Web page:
“Can you hear me?” I asked only as loudly as it would take for whoever was inside to hear.

“Y–yes,” rasped a man’s voice, bewildered and afraid.  “Wh-what hap-happened?”  I shook my head at the question. So often, it’s the same–everyone looking for reason, for justification, as if they somehow expected the universe to admit it had erred–as if they could demand redress from fate.

“I don’t know,” I told him.  “It doesn’t really matter now, does it?”

“N-no… I guess not.”

“Listen to me,” I said, “I am going to help you, but–”

“You a doctor?” he croaked.  “You going to get me out of here?”

“No,” I told him softly but with careful solemnity.  “No I am not.  You are not going to get out, but–”
The man whimpered.  “But–get–get–” the man coughed a wet cough and I felt Death lean closer–”–get me out!  I don’t want to–to–”

“To die?” I asked.  “Very few do, when it comes down to it–even people who’ve lived a good life.  There’s nothing anybody can do about it, though.  Not even a doctor.”

I paused and squeezed his hand.  This next part is always the most difficult for people to understand.  “As long as you are holding onto my hand,” I told him, “you won’t die, okay?  You can’t die as long as I’m touching you, but–”

“Don’t let go!” he cried.  “Don’t let me go!”

“I have to,” I told him.  “I can’t hold Death off permanently–someday, it will be my time to die too, you know?  I can’t hold your hand forever.”

The man sobbed.

“Listen to me,” I said.  “I told you I would help, and I will, okay?  Tell me what you want me to do after this.  Tell me and I’ll do it.  Do you–”

“Hold–hold my hand–” the man snapped.  “Don’t let me die!”

“I told you,” I reminded him, “I can’t do that but for so long.  Think about what I said.  What do you want me to do?  Most people don’t get this chance.  Don’t waste it!  Think about it.  You tell me what you want, and I’ll do it.”

There was silence.  There usually is.

Finally, the man sniffed from inside the wreck.  “I–I–I–do you know… Phillip Mackey?”

“No,” I told him.  “But I can find him.”

“Okay,” the man said, “Okay.  Find him and… and tell him I’m sorry.  Tell him I never–never–shoulda’ run his daughter off from the church.  Tell him I was wrong when…” the man trailed off but resumed with renewed vigor “…I was wrong when I done it and I knew it–even–even then.  You tell him I done a lot of things I regretted, but nothing… nothing more than that.  You hear me?”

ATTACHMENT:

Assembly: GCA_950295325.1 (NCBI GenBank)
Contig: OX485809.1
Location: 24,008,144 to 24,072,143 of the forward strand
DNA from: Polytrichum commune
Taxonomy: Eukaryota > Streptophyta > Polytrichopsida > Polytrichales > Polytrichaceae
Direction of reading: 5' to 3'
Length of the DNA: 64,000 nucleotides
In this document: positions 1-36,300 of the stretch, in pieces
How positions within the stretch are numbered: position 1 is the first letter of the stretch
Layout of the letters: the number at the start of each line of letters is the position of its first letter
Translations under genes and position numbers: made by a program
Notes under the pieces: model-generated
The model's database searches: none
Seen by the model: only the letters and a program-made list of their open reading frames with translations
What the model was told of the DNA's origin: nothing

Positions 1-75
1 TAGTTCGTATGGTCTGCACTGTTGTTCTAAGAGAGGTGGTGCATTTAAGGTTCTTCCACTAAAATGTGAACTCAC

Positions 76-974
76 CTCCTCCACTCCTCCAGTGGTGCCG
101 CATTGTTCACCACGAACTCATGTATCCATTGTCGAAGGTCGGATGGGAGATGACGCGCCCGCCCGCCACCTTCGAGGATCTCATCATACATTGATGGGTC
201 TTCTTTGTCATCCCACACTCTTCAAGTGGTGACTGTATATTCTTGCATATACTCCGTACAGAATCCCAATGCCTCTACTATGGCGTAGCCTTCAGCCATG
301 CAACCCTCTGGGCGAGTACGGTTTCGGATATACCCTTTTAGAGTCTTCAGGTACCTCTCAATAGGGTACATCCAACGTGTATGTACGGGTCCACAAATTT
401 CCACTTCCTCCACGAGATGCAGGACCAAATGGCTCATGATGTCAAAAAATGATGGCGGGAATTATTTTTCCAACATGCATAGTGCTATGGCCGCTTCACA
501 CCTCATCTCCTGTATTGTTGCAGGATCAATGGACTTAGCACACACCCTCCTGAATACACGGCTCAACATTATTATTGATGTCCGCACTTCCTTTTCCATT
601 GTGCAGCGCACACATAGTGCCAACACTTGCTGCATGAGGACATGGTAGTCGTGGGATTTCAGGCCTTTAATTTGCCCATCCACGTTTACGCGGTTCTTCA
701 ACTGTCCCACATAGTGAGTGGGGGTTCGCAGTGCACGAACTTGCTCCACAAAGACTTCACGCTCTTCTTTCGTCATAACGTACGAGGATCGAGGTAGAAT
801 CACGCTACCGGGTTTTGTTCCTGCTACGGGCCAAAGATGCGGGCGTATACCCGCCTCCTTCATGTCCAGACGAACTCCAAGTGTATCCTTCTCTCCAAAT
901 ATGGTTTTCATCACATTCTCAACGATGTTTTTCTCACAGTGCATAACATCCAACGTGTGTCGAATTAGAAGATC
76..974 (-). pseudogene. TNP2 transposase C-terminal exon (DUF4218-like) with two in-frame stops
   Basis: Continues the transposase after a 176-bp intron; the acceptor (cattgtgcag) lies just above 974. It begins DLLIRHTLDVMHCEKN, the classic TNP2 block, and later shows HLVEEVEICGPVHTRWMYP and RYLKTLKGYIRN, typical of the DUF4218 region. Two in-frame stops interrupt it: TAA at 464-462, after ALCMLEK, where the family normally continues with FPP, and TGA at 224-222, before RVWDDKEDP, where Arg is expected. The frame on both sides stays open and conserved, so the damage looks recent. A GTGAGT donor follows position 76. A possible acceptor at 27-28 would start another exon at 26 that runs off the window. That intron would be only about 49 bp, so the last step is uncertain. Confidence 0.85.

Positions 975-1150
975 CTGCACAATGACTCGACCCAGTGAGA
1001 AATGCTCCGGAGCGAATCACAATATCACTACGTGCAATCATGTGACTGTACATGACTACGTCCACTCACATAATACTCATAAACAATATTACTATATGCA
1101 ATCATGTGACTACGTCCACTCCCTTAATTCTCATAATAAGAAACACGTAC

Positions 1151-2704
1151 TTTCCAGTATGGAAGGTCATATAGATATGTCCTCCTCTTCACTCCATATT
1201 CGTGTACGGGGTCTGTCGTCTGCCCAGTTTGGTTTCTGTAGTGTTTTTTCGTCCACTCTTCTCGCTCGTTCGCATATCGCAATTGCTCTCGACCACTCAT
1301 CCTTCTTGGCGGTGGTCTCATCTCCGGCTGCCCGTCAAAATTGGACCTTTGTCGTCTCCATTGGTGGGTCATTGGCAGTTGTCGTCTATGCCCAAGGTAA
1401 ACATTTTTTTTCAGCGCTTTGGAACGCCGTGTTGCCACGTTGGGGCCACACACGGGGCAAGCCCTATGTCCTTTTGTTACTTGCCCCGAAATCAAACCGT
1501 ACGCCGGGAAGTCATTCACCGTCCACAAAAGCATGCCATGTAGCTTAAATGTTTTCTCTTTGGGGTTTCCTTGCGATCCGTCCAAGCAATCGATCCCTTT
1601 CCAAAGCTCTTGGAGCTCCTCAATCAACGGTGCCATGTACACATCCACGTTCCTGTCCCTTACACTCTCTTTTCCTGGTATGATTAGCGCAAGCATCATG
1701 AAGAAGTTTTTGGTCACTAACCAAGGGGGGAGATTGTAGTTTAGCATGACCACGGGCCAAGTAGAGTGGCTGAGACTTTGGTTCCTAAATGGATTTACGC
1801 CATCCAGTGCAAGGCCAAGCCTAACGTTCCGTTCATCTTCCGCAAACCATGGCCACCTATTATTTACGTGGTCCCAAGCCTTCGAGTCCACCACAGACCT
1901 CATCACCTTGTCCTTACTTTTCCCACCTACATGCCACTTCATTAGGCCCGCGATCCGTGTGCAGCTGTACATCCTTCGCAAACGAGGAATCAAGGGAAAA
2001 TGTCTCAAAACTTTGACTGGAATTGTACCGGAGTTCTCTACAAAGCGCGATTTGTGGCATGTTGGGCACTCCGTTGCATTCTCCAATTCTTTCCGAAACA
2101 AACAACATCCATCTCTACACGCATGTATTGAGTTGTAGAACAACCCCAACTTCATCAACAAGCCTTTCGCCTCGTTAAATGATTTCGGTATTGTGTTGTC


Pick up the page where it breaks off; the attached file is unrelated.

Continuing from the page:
“I hear you,” I replied.  “Is Phillip gonna’ know what church you’re talking about?”

The man sobbed again.  “Y–yeah… He’ll know.  I–I’m Jim Hicks.  I–I was his preacher when his youngest–Stephanie–got pregnant and she wasn’t married.  I… I preached hellfire and damnation for three… three Sundays.  Stephane–sh–she ran away and… next thing…” the man sobbed and couldn’t finish.

I felt Death overpowering me, reaching into the truck, desperate to pry Hicks’s hand loose from my grip.  I squeezed more tightly–it wasn’t time, not yet.

“Do you want me to tell Stephanie you’re sorry too?” I asked him.

“You can’t!” the man in the truck wailed.  “You can’t!  Not no more, not unless…” he sobbed.  “I guess maybe I can tell her myself… if the Lord’ll let me…”

“Okay,” I said softly.  “I understand.  I’ll find Phillip Mackey and tell him.”

I took a deep breath.  Now came the most difficult part.

“I’m going to let go, now, all right?” I told him.

“What happens then?” the man asked, less panic in his voice than curiosity.  “What happens after… after you let go?  I die–you–you said that–but then what?”

I shrugged.  I have never thought of an answer better than the truth, despite all times I’ve been asked.

“I don’t know,” I told him.

“O-Okay,” the man said.

I gave his hand a final squeeze and he returned it.  He let go first–which made it easier.  I let go and our hands separated.

I heard the man sigh and felt the eerie presence of Death–that eternal champion–as it swept past me.  Then the presence was gone, and I knew Jim Hicks was gone with it.

I always tell people they’ve got a chance most don’t, and it’s true.

What I don’t tell them is the other truth–that it doesn’t usually do any good.  If a life is as far in arrears as some folks’, a stranger coming out of the blue to apologize to a wronged wife or say “I love you” to an underappreciated former boyfriend rarely means much.  Like Shakespeare said, “the evil that men do lives after them; the good is oft interred with their bones.”

As soon as I said the name Jim Hicks to Phillip Mackey, he slammed the door in my face.

I can only tip the scales but so much.

Not everybody is taken with his life’s ledger in the red, though.  I’ve been fortunate enough to stave off death for a moment for some mighty deserving folks, too.

I remember a young kid in the hospital just last week.  I usually don’t go to hospitals because it’s just too much–I can’t make it everywhere, and when I’m talking to one person I can feel Death all around me, taking people here and there.  I wind up rushing, and that’s not right.  That’s worse than not being there at all.

It kills me, I’d say, if it weren’t so ironic.